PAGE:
Australian Marine Parks

Reporting: Rick Stuart-Smith, Jemina Stuart-Smith, Antonia Cooper, Graham Edgar, May 2009.



This report outlines results of subtidal ecological surveys undertaken in the Cod Grounds Commonwealth Marine Reserve (CGCMR) and nearby reference sites off the central coast of New South Wales in May 2009.

The CGCMR was established in May 2007 with the primary aim of protecting critical habitat of the endangered grey nurse shark (Carcharias taurus).

It encompasses an area of 3.1 square kilometres, within a 1000 metre radius of the Cod Grounds pinnacles, which lie approximately 7 km offshore from Laurieton.

Twenty-four transects were surveyed at 11 sites between the 12th and 17th May 2009 by a team of skilled volunteer divers as part of the Reef Life Survey (RLS) program (, using standard RLS underwater visual census protocols.

Surveys were based around 50 m transects, with species-level abundance and size data recorded for all fishes, abundance data for large mobile macroinvertebrates, and percentage cover data for sessile biota within a standard area.

The fish fauna of the reserve and nearby reference sites was generally similar in composition to inshore reefs of the area, but with a very high overall biomass. Few rare species were sighted.

An average of 15.7 fish species was recorded per 50 m transect, with mado (Atypichthys strigatus), silver sweep (Scorpis lineolata) and one-spot pullers (Chromis hypsilepis) the most abundant.

Average fish biomass (over all sites) was 272.4 kg per 500 m2, and higher carnivores and planktivores were the dominant trophic groups. Four grey nurse sharks were recorded on transects, and a further 18 counted at the base of the main pinnacles (site 8CG).

The mobile macroinvertebrate fauna was dominated by echinoderms and molluscs, with the spiny sea urchin (Centrostephanus rodgersii), orange feather star (Cenolia trichoptera), eastern slate-pencil urchin (Phyllacanthus parvispinus) and the mollusc Astralium tentoriformis most important by abundance and frequency of occurrence.

Very clear depth related patterns were evident in the macroinvertebrate fauna, largely related to which urchin species was dominant. Centrostephanus rodgersii dominated transects between 25 and 28 m, P. parvispinus dominated transects between 29 and 32 m and Prionocidaris callista were most abundant on transects deeper than 32 m.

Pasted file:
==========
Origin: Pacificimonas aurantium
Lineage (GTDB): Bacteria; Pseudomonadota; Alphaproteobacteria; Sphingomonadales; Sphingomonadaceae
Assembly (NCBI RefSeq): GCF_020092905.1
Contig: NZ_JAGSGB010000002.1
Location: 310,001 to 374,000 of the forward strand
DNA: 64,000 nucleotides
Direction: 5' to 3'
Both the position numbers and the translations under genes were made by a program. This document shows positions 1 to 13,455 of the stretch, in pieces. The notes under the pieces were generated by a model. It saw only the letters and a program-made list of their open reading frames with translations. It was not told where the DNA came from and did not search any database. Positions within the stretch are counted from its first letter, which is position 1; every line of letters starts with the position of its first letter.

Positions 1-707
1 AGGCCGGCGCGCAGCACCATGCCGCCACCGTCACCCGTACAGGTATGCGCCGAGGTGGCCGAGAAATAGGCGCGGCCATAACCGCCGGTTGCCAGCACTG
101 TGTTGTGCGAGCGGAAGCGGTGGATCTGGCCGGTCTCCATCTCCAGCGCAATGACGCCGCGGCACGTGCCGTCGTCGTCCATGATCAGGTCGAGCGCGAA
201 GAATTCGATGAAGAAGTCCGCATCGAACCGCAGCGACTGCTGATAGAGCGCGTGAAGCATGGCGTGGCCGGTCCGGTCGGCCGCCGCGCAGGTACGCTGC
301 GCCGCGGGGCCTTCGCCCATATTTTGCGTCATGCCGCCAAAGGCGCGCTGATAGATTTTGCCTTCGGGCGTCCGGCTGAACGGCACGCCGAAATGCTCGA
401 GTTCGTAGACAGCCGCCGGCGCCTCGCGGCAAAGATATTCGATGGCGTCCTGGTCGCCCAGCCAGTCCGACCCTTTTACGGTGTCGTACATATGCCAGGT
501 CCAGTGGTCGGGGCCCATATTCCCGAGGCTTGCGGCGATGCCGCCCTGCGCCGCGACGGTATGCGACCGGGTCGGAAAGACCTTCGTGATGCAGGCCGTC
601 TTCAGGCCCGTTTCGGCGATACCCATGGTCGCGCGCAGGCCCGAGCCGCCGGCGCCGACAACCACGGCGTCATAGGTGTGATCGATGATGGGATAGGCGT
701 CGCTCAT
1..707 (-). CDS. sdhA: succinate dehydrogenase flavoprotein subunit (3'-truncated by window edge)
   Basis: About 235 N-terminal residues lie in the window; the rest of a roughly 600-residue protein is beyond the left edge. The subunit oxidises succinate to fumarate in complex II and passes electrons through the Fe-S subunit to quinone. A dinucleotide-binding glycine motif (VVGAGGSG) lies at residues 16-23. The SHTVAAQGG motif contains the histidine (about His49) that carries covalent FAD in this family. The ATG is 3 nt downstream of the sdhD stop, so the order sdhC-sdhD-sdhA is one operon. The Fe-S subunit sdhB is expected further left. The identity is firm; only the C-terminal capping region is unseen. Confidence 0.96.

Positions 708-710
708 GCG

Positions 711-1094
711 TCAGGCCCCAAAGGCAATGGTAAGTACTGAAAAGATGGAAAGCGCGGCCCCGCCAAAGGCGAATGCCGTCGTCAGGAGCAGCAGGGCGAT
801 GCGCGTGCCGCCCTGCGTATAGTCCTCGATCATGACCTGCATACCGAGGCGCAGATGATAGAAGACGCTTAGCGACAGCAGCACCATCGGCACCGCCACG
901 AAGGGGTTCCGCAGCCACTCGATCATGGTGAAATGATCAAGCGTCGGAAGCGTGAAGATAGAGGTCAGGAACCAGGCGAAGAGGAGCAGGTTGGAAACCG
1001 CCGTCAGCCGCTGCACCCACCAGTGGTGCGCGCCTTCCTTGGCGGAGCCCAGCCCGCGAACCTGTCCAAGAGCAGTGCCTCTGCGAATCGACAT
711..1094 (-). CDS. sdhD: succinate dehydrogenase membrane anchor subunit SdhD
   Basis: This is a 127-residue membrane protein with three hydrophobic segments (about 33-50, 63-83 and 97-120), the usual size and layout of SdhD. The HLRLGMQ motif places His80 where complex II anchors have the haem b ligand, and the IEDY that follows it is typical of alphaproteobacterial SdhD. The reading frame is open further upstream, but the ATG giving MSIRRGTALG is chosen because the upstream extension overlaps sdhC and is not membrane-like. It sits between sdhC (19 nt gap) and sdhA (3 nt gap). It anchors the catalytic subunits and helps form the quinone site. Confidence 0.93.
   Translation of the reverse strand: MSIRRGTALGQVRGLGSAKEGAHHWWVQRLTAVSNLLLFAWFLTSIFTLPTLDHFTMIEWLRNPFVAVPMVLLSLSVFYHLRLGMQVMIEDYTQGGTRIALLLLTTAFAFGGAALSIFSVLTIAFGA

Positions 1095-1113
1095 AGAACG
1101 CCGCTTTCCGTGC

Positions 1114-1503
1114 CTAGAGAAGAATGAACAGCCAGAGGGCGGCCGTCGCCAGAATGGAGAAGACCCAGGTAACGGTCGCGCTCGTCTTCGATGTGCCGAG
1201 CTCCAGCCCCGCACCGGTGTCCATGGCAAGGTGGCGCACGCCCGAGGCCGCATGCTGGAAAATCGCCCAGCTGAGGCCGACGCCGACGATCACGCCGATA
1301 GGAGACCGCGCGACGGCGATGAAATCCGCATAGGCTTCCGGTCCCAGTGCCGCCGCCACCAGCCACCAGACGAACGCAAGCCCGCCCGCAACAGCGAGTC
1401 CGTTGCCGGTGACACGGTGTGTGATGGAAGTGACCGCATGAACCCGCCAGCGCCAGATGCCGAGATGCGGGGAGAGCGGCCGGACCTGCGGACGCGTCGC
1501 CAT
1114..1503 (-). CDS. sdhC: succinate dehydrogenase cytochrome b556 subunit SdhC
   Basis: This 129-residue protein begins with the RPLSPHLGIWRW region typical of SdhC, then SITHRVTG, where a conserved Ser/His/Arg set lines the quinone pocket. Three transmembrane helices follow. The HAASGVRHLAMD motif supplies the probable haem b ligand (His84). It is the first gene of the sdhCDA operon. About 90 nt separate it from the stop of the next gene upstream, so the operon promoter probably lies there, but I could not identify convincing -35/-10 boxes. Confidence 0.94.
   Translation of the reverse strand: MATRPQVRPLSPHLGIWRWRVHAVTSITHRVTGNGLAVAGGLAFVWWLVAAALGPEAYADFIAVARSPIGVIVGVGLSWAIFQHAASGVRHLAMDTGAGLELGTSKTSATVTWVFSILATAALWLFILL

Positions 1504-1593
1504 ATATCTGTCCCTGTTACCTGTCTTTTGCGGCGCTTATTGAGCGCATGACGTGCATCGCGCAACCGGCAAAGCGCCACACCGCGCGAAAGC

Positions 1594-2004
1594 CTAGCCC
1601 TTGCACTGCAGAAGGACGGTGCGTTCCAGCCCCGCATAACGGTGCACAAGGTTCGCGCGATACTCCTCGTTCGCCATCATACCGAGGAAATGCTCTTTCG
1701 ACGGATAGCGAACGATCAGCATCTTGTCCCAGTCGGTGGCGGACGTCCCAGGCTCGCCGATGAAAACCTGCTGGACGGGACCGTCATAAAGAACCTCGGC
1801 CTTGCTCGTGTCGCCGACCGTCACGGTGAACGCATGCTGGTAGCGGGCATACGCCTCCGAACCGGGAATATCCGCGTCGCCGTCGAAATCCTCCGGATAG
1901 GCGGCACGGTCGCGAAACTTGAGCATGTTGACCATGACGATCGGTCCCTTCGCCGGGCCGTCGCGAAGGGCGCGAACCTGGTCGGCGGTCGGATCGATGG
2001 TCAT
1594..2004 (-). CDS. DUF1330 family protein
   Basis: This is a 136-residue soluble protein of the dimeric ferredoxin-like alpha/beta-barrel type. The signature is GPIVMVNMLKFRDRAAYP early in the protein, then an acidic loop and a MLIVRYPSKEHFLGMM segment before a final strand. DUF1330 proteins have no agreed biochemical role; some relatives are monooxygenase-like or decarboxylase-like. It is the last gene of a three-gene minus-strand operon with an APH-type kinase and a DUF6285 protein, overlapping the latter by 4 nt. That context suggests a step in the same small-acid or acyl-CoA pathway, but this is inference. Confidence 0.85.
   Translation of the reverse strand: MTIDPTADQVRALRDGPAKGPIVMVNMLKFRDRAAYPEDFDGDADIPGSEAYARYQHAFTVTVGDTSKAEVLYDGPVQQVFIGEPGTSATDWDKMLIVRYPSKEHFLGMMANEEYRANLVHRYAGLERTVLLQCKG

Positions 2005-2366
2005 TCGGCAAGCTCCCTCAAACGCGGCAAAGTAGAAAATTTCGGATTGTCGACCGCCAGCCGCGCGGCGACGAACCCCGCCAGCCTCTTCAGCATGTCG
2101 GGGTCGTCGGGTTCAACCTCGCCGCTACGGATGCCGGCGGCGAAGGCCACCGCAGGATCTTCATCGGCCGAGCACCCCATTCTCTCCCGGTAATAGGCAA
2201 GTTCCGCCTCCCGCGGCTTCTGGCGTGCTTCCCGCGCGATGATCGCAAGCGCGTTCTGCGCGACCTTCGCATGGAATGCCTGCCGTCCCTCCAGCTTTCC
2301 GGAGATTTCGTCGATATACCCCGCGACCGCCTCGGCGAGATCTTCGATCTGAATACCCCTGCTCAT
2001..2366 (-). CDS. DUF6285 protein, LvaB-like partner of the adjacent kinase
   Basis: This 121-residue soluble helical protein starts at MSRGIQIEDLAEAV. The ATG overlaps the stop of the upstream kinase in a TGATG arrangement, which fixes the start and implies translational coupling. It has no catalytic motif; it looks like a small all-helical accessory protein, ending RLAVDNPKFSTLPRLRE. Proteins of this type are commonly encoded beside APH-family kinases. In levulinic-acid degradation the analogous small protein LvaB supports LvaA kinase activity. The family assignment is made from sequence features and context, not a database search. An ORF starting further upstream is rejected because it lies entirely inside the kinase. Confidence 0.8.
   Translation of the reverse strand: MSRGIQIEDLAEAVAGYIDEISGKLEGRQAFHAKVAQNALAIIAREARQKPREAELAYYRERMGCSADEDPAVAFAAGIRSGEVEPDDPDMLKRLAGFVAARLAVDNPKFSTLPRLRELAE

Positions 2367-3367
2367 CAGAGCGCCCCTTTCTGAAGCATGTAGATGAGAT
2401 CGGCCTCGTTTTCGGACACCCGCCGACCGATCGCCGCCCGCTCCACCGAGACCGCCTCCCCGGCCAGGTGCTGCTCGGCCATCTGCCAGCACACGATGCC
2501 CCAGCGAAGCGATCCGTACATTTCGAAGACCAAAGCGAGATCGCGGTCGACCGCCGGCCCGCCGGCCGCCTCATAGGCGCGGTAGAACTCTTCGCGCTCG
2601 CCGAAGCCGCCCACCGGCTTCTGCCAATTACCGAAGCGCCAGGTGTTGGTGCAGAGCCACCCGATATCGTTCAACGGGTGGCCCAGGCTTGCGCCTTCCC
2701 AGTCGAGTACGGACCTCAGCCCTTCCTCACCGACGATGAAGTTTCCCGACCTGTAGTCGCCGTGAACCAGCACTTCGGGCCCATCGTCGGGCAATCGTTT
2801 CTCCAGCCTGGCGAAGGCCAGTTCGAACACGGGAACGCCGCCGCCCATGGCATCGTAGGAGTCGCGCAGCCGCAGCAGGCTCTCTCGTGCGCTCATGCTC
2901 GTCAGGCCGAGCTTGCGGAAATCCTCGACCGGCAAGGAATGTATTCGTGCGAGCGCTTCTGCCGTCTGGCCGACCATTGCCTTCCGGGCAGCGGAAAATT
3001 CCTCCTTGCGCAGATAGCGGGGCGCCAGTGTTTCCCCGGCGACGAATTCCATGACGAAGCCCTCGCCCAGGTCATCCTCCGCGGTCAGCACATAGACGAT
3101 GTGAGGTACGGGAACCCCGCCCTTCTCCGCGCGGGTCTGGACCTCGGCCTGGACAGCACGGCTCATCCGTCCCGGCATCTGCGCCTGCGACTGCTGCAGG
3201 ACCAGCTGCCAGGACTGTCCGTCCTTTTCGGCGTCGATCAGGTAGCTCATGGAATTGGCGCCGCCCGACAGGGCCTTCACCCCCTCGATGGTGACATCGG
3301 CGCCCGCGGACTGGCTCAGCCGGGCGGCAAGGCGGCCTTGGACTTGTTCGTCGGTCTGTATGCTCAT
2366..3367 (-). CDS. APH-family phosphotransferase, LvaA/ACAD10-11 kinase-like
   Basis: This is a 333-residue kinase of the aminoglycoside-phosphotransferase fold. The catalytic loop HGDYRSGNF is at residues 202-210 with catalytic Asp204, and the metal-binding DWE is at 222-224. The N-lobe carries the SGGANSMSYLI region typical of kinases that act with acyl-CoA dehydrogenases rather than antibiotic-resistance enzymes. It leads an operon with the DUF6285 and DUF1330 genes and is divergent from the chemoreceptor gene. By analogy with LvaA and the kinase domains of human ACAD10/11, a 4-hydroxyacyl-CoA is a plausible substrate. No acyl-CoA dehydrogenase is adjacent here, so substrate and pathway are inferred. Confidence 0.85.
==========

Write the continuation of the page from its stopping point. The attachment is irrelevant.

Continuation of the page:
The sessile community was characterised by either a high cover of crustose coralline algae or a diverse sessile invertebrate assemblage and a general lack of large macroalgae.

Distinct differences were also noticed in the sessile community between transects at different depths. Baseline Biodiversity Survey, Cod Grounds NSW Transects less than 29 m had very low sessile invertebrate cover and low taxonomic richness, whilst transects deeper than 29 m had relatively lower cover of crustose coralline algae and higher richness and cover of sponges, ascidians and corals.

The CGCMR encompasses an area of high conservation value, not only due to the presence of a significant grey nurse shark aggregation site, but also because it is a productive area that supports a large biomass of fishes, including many exploited species.

Illegal fishing is considered to be the greatest threat to these communities at present.

It is recommended that continued monitoring of the area be undertaken, with the addition of more external reference sites so that changes in the communities within the reserve can be compared with similar unprotected reefs nearby.